Not even the 'putrid throat' could stop the Ross Poldark swoon-fest'

    How a costume drama became a Sunday night staple
    Miliband promises no stamp duty for first-time buyers as he pushes Tories on housing

    Miliband promises no stamp duty for first-time buyers

    Labour leader pushes Tories on housing
    Aviation history is littered with grand failures - from the the Bristol Brabazon to Concorde - but what went wrong with the SuperJumbo?

    Aviation history is littered with grand failures

    But what went wrong with the SuperJumbo?
    Fear of Putin, Islamists and immigration is giving rise to a new generation of Soviet-style 'iron curtains' right across Europe

    Fortress Europe?

    Fear of Putin, Islamists and immigration is giving rise to a new generation of 'iron curtains'
    Never mind what you're wearing, it's what you're reclining on

    Never mind what you're wearing

    It's what you're reclining on that matters
    General Election 2015: Chuka Umunna on the benefits of immigration, humility – and his leader Ed Miliband

    Chuka Umunna: A virus of racism runs through Ukip

    The shadow business secretary on the benefits of immigration, humility – and his leader Ed Miliband
    Yemen crisis: This exotic war will soon become Europe's problem

    Yemen's exotic war will soon affect Europe

    Terrorism and boatloads of desperate migrants will be the outcome of the Saudi air campaign, says Patrick Cockburn
    Marginal Streets project aims to document voters in the run-up to the General Election

    Marginal Streets project documents voters

    Independent photographers Joseph Fox and Orlando Gili are uploading two portraits of constituents to their website for each day of the campaign
    Game of Thrones: Visit the real-life kingdom of Westeros to see where violent history ends and telly tourism begins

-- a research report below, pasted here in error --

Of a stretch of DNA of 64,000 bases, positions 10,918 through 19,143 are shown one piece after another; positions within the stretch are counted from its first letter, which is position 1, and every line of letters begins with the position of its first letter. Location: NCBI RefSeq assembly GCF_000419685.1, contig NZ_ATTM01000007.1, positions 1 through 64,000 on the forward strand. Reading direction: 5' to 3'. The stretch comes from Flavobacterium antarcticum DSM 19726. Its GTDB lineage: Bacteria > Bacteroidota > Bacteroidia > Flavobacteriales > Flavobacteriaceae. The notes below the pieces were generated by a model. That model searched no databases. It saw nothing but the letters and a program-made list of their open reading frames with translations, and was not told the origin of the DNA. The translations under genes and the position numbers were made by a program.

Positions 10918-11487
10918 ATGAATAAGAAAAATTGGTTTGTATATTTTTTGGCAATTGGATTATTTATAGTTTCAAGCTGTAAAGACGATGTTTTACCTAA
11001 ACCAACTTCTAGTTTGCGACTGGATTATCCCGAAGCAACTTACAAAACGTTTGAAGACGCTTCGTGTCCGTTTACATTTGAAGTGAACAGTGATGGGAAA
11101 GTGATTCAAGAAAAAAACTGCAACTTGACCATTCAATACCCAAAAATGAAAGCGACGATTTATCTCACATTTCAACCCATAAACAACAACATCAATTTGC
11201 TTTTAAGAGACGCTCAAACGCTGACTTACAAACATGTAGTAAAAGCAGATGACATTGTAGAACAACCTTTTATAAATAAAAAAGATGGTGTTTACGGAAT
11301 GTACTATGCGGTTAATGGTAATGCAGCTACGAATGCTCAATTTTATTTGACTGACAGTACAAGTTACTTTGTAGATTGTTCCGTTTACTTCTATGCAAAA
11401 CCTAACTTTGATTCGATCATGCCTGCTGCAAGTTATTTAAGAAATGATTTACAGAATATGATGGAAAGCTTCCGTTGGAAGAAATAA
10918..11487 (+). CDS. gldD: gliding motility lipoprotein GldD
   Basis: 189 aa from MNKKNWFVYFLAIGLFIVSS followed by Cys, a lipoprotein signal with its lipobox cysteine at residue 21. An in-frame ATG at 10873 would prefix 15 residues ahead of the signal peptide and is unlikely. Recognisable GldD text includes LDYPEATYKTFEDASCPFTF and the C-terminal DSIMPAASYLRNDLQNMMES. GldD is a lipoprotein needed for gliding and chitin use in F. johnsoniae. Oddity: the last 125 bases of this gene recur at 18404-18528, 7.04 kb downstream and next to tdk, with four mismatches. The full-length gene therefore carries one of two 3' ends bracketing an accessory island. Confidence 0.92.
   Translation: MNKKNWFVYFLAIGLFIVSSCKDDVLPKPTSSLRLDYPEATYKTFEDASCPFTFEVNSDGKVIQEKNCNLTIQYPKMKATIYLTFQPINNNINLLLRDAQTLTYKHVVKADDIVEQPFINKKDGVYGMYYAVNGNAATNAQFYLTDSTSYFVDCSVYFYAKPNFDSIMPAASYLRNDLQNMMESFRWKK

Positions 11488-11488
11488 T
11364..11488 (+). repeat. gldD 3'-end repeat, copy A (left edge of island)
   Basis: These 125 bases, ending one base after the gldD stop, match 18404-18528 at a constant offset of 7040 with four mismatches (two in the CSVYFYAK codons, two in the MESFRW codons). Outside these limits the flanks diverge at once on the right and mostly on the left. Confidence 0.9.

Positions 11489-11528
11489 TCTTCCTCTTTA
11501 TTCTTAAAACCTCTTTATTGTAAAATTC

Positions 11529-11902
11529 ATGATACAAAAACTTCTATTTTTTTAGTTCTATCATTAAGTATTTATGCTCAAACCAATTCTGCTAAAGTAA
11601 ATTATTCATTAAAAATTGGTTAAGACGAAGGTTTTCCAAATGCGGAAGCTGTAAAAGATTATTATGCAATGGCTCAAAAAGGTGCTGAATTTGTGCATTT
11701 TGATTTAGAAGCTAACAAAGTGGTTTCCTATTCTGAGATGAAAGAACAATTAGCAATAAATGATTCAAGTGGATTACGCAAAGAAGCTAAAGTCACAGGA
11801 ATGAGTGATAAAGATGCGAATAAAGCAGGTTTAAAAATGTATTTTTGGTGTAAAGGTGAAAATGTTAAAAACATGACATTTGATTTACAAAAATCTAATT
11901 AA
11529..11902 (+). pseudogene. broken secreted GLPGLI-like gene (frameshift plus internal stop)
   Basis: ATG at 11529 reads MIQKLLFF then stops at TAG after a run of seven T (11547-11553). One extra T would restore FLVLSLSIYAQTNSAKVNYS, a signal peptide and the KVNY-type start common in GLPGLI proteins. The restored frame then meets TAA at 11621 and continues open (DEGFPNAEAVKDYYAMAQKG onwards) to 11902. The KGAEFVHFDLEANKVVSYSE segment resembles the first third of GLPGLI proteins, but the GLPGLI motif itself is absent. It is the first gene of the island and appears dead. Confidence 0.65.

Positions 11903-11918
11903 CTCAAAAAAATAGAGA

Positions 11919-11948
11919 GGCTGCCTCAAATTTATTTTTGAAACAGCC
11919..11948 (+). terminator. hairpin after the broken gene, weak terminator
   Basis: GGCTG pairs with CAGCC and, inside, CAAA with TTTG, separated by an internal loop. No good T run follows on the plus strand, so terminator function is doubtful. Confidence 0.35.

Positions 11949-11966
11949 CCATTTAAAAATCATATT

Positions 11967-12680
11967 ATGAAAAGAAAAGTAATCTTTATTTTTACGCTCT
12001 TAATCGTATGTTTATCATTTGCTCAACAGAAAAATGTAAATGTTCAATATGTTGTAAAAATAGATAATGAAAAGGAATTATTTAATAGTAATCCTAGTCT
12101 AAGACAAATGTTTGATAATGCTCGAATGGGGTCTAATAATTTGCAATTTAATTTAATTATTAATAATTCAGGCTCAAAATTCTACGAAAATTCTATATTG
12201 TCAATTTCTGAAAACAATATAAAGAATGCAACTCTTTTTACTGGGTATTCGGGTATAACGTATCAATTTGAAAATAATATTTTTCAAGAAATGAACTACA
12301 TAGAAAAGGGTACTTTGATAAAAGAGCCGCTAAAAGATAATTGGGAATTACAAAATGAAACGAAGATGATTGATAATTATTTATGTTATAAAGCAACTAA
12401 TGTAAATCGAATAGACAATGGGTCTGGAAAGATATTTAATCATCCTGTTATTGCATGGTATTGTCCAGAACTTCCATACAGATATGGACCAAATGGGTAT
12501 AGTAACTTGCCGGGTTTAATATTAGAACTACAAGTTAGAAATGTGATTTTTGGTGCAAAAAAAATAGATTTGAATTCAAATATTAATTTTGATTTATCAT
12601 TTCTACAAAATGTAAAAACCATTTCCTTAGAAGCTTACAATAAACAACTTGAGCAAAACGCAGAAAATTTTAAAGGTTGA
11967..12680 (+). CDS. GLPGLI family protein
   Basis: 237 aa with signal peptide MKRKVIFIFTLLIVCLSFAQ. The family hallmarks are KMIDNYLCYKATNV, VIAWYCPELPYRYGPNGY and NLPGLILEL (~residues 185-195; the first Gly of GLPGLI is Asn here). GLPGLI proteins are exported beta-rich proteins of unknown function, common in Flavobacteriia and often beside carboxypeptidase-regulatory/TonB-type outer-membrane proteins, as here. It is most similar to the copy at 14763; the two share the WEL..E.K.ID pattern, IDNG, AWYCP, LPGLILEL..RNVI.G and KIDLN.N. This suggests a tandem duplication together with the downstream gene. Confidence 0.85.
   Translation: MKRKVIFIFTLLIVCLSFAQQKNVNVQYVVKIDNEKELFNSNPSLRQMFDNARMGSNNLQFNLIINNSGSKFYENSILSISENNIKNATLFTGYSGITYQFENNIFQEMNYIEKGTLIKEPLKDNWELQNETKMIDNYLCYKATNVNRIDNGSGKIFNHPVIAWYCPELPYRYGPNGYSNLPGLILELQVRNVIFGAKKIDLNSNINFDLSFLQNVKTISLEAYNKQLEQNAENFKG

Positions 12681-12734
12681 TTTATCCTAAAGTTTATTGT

The real-life kingdom of Westeros

    Is there something a little uncomfortable about Game of Thrones shooting in Northern Ireland?
    How to survive a social-media mauling, by the tough women of Twitter

    How to survive a Twitter mauling

    Mary Beard, Caroline Criado-Perez, Louise Mensch, Bunny La Roche and Courtney Barrasford reveal how to trounce the trolls
    Gallipoli centenary: At dawn, the young remember the young who perished in one of the First World War's bloodiest battles

    At dawn, the young remember the young

    A century ago, soldiers of the Empire – many no more than boys – spilt on to Gallipoli’s beaches. On this 100th Anzac Day, there are personal, poetic tributes to their sacrifice
    Dissent is slowly building against the billions spent on presidential campaigns – even among politicians themselves

    Follow the money as never before

    Dissent is slowly building against the billions spent on presidential campaigns – even among politicians themselves, reports Rupert Cornwell
    Samuel West interview: The actor and director on austerity, unionisation, and not mentioning his famous parents

    Samuel West interview

    The actor and director on austerity, unionisation, and not mentioning his famous parents
    General Election 2015: Imagine if the leading political parties were fashion labels

    Imagine if the leading political parties were fashion labels

    Fashion editor, Alexander Fury, on what the leaders' appearances tell us about them
    Phumzile Mlambo-Ngcuka: Home can be the unsafest place for women

    Phumzile Mlambo-Ngcuka: Home can be the unsafest place for women

    The architect of the HeForShe movement and head of UN Women on the world's failure to combat domestic violence